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Friday, September 21, 2012

"Keep America Weird": One way to think about the HHS mandate . . .

William Mattox writes, in USA Today, that for reasons similar to those that (rightly) make Austin residents eager to "Keep Austin Weird", we should oppose policies like the HHS mandate that have the effect, even if not the aim, of standardizing and homogenizing the sometimes-"weird" institutions and associations of civil society:

    I worry that Obama's health care plan is doing to Catholics what those cookie-cutter national chains were threatening to do to Austin's bohemians: Rob them of their distinctive identity. Of their unique character. Of their freedom to be authentic.

    Yes, I know Obama's contraception mandate provides an exception for Catholic churches. But it offers no such relief to those running Catholic schools, hospitals and charities who want to live out their faith (and follow their church's teachings) on more than just Sundays. In essence, the Obama administration's message to these Catholics, despite a cosmetic compromise, is akin to telling Austin's bohemians that they can dress like hipsters on the weekends so long as they behave like corporate shills Monday through Friday. . . .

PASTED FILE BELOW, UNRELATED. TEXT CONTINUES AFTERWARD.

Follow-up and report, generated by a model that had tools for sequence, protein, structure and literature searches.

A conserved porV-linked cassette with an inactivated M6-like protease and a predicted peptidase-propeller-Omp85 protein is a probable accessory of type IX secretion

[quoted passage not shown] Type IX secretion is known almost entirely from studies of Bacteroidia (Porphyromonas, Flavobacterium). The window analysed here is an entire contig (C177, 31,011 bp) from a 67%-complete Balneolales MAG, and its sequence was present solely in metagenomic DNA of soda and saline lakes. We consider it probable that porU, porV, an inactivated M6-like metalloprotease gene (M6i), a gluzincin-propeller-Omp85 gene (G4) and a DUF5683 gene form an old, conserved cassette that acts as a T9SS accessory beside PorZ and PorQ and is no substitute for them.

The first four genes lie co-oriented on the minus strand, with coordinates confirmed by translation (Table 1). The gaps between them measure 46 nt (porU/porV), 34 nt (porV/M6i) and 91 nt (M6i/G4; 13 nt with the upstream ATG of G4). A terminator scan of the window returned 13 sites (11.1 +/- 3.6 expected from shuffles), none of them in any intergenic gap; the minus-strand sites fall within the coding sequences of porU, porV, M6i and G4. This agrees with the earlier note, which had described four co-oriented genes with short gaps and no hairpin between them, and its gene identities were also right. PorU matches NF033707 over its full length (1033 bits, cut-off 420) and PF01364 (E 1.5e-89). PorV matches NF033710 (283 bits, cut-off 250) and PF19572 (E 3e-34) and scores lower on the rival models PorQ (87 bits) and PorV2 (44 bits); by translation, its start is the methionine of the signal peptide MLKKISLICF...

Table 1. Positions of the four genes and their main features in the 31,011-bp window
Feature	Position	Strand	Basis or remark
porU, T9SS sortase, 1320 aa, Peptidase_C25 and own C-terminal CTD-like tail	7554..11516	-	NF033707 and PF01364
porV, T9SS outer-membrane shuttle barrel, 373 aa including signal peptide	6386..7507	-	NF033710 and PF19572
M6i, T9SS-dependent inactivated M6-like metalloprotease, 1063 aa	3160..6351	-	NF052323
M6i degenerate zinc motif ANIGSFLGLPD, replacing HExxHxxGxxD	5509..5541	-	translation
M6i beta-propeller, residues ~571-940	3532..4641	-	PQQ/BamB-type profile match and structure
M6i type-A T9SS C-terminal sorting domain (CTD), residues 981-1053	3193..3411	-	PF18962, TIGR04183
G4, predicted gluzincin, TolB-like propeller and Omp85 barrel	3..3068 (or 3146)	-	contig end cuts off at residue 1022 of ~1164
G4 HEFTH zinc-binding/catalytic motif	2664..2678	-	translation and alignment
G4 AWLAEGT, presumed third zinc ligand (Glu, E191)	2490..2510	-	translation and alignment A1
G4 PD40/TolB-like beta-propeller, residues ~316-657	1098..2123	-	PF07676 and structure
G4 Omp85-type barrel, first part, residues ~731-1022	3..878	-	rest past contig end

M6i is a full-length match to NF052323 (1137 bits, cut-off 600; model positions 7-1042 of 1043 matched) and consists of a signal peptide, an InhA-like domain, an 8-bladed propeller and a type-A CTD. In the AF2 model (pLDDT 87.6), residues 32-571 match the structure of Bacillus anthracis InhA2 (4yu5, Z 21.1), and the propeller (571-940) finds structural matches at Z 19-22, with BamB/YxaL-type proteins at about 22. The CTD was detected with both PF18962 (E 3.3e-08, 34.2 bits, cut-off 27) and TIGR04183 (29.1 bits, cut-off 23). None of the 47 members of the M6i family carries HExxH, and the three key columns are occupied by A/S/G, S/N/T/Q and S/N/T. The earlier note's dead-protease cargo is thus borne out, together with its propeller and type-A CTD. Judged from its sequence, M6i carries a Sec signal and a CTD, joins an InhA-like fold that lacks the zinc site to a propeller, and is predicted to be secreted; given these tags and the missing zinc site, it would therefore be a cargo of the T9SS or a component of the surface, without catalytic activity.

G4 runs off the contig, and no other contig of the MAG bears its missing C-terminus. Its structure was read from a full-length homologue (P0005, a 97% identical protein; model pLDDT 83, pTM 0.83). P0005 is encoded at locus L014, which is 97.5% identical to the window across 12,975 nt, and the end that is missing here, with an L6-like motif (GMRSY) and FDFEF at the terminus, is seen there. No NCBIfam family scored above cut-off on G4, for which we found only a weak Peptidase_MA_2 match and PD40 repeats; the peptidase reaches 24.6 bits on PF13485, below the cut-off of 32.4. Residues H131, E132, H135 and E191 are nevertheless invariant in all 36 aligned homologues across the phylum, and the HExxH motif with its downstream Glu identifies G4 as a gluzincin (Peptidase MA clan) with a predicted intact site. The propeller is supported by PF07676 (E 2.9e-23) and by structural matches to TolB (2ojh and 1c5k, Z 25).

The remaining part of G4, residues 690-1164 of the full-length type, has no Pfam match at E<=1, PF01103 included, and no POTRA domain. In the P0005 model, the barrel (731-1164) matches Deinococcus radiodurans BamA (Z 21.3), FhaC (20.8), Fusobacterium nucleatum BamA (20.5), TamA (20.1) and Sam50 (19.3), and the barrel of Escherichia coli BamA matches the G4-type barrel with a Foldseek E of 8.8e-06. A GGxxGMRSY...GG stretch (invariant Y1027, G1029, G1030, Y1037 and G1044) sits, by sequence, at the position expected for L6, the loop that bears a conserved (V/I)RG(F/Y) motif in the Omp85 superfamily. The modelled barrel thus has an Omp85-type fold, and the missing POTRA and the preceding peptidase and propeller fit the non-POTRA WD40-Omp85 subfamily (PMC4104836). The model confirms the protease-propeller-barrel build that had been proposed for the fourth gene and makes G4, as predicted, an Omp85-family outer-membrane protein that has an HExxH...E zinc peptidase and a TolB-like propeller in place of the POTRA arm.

Well, my thirteen-year-old daughter certainly thinks I'm weird . . .  I guess there are worse things!

Posted by Rick Garnett on September 21, 2012 at 10:10 AM in Religion, Rick Garnett | Permalink

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Comments

As both an Austinite and a Catholic, I rather enjoy the comparison!

Posted by: Leland Unruh | Sep 21, 2012 10:15:17 AM

Austin is weird to the extent that it is a socialist enclave in the midst of a sea of sensible Texans.

Posted by: Jimbino | Sep 23, 2012 12:20:57 AM

Or, Austinites (and members other liberal TX enclaves) could be viewed as weird because we have actively fought against a one-party state that doesn't care about the poor and because we have the nerve to suggest that poor women should be able to plan their pregnancies like everyone else. If Catholics want to be authentic, they might acknowledge the groups of Catholics that have fought for health care reform.

I have a hard time finding this state of affairs "sensible": http://www.texasmonthly.com/preview/2012-08-01/feature2.

Posted by: aprof | Sep 24, 2012 9:44:38 PM

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